However, the LDS Church does not impose a blanket ban on murderers ever becoming a member of the Church. Instead, paragraph 6.12.30 of the Church Handbook of Instructions Vol. 1 merely states that a murderer cannot be baptized without the express approval of the First Presidency. And the case of Mike Hickey in Lonetree, Wyoming shows that even a former member of the LDS Church can be restored to membership -- if repentance is sincere and there are mitigating circumstances. On May 1st, 2011, the Billings Gazette tells Hickey's story.
Summary: In 1977, Mike Hickey, then 23 years old, fell in with an individual who had a beef with local government. Mark Hopkinson fought with a local sewer board over roughly $12,000 in hookup fees that he refused to pay. In 1977, days before Hopkinson was scheduled to be deposed as part of the ensuing lawsuit, the home of an Evanston attorney involved in the litigation exploded in the middle of the night. The attorney, Vince Vehar, 67, died in the blast, as did his wife and their 15-year-old son. In addition, a fourth person, a 15-year-old girl named Kellie Wyckhuyse, went missing; while her body was never found, a third party eventually reported that she had been killed by Mike Hickey.
In any event, Hickey, a member of an old and prominent Bridger Valley family, ultimately confessed to murdering Wyckhuyse. He also said Hopkinson knew about the murder and promised him an alibi if he killed Vehar. For that and the offer of $2,000, Hickey drove to Evanston and threw 30 sticks of lit dynamite into Vehar’s home. Authorities offered Hickey a deal: In exchange for testifying against Hopkinson, he would get 20 years in prison under a different name to protect him from Hopkinson. Hickey's testimony led to Hopkinson being given a life sentence for each of the three Vehar deaths. Hopkinson eventually received the death penalty for another murder and was executed in 1992.
Because Mike Hickey was a member of the LDS Church at the time, he was excommunicated shortly after his plea deal. However, it appears our Heavenly Father is more merciful than we believe. He looks for the least sign of repentance on our part so He can send the Spirit to work in our lives and demonstrate His power. After paying his debt to society, Hickey was restored to LDS membership in 1999. From the Gazette:
Released from prison in 1999, he came back to Lonetree and began working on the family ranch. In the decade since, he’s married and has been allowed back into the Mormon church. This last part he speaks of with pride. He traveled to Salt Lake City and went before a member of the Quorum of the Twelve Apostles. He says a church leader told him that if he had any pieces of history relating to what happened — newspaper clippings, books, court documents — to get rid of them.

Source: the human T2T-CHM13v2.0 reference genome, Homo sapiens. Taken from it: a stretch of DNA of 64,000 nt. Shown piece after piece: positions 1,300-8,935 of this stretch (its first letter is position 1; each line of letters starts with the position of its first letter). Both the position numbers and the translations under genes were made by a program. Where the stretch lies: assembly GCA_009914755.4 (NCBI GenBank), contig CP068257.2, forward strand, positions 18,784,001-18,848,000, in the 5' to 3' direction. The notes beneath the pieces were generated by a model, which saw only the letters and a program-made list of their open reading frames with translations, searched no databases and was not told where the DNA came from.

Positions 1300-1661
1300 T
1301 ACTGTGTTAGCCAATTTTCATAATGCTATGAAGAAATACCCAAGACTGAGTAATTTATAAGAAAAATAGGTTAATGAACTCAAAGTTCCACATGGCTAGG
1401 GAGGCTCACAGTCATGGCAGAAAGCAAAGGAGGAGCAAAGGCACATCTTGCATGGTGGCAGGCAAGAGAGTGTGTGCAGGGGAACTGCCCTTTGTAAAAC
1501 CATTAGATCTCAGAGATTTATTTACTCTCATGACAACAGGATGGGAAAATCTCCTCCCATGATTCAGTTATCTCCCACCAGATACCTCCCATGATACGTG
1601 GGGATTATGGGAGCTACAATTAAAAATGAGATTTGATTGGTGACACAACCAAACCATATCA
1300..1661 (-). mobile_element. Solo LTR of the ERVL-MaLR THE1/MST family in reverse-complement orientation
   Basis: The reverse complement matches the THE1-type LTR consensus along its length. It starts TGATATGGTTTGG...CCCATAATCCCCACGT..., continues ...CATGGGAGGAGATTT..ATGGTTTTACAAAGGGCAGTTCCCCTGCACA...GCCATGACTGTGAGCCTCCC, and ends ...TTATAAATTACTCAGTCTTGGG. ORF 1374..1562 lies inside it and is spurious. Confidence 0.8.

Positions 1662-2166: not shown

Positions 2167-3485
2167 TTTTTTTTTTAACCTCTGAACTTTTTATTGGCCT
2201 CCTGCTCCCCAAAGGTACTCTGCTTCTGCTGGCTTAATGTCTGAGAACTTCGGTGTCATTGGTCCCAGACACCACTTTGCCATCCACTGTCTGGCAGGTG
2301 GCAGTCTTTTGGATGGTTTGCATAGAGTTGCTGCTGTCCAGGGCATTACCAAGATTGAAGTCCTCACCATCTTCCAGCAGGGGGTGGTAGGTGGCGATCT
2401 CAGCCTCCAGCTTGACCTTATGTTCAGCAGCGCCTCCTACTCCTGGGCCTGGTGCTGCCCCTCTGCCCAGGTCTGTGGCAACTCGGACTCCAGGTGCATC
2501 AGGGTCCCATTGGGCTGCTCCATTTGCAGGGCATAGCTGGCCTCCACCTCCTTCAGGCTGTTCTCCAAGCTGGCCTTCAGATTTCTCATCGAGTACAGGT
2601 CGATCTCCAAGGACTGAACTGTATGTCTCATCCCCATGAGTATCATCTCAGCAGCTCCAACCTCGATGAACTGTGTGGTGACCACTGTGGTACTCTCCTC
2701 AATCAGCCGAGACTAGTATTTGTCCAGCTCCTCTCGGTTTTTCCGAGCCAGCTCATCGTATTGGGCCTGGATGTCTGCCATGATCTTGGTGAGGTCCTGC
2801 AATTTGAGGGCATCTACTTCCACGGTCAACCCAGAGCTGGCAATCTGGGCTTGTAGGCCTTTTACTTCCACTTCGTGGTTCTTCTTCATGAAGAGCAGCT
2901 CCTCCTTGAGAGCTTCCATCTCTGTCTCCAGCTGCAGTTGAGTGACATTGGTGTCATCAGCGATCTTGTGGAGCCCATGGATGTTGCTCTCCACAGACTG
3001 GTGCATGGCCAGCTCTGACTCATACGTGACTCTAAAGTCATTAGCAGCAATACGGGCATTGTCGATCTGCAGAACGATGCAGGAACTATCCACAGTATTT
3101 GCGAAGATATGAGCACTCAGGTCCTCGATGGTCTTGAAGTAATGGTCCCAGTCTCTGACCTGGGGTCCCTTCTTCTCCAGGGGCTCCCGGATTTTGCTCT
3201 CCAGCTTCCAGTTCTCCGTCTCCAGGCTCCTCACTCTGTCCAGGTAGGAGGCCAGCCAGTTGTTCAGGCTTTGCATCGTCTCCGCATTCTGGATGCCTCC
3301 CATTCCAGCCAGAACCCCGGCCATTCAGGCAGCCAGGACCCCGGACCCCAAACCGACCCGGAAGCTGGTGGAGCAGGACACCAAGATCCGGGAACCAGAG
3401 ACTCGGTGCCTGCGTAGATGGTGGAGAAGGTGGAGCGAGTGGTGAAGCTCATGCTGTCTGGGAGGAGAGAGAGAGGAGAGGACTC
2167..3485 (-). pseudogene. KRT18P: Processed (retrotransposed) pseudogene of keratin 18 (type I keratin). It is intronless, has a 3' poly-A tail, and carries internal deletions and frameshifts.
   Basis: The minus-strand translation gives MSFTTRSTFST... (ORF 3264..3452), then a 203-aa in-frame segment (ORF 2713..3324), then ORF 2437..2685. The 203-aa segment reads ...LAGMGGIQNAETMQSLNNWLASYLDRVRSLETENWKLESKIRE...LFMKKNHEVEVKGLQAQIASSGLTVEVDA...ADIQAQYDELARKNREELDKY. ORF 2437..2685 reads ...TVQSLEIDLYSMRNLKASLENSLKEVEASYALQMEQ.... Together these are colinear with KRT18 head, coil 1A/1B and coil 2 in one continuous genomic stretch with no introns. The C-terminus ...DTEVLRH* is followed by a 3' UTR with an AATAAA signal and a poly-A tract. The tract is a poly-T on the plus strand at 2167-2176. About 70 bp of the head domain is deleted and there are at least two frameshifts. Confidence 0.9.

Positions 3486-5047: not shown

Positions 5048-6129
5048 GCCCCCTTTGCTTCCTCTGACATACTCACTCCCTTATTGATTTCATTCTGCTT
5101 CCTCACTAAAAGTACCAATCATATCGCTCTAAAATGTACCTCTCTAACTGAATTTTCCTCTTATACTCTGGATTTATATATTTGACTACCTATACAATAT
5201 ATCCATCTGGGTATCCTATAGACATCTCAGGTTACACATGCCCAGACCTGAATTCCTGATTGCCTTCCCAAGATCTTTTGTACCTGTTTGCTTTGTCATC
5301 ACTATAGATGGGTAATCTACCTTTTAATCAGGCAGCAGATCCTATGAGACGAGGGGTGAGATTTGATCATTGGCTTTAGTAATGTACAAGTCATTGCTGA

So why was a convicted murderer like Hickey restored to membership? There are three essential elements to this case:
(1). He was young and immature, and he acted at the behest of an older, more evil individual.
(2). He voluntarily confessed to his crimes and actively helped authorities bring down Mark Hopkinson, the evil genius who inspired them.
(3). He convinced a member of the Quorum of the Twelve that his repentance was sincere and wholehearted, leading the First Presidency to reinstate him.
The Gazette did not report whether or not Hickey had received the full endowment during his first period of Church membership. It is considered more difficult to forgive an LDS murderer if he or she has actually received the full endowment in a temple. Five comments have been posted to the story so far; all are unfavorable to Hickey.
This case, of course, is entirely different than the case of King David in the Bible, who arranged for Uriah to be placed into the hottest part of the battle to be killed so that David could grab Uriah's wife Bathsheba after he had impregnated her (2 Samuel 11). While Mike Hickey was motivated by misguided ideology and misdirected rage, King David was motivated by gratuitous lust. Then King David attempted to cover for the crime, and did not confess until exposed by the prophet Nathan (2 Samuel 12). While King David repented, the only promise he obtained was that the Lord had put away his sin and that he would not die. But many Latter-day Saints interpret that verse to mean that King David not only must wait until the second resurrection to come forth, but that he can only aspire to telestial glory. President Joseph F. Smith wrote "The way I understand it, a person who sheds innocent blood 'shall not have forgiveness in this world, nor in the world to come' (D&C 42:18). The refusal of forgiveness referred to here means that the murderer can not repent and receive forgiveness through the atonement of Christ. They cannot be forgiven in the sense that celestial salvation [or exaltation] is made available to them. They will go to hell (spirit prison) to be punished for it. However, a person may eventually be able to receive another type of forgiveness which requires paying the price by suffering in hell for the murder. Then they may be able to be rescued from hell, as in the case of David, and still obtain some degree of glory(but not exaltation) after the final judgment, depending on how good they were during the rest of their life".
But the story of Mike Hickey shows that the Father's capacity for mercy is just as boundless as His desire for justice. Perhaps King David might eventually end up with a better fate after all. This may be one reason why the Savior Himself cautioned us to "Judge not, lest ye be judged". Instead of spending time trying to consign others to hell and perdition, we can use that time more productively by striving for heaven, and in particular, celestial glory with exaltation, where we can realize our full potential as heirs of the Father and joint heirs with Jesus Christ.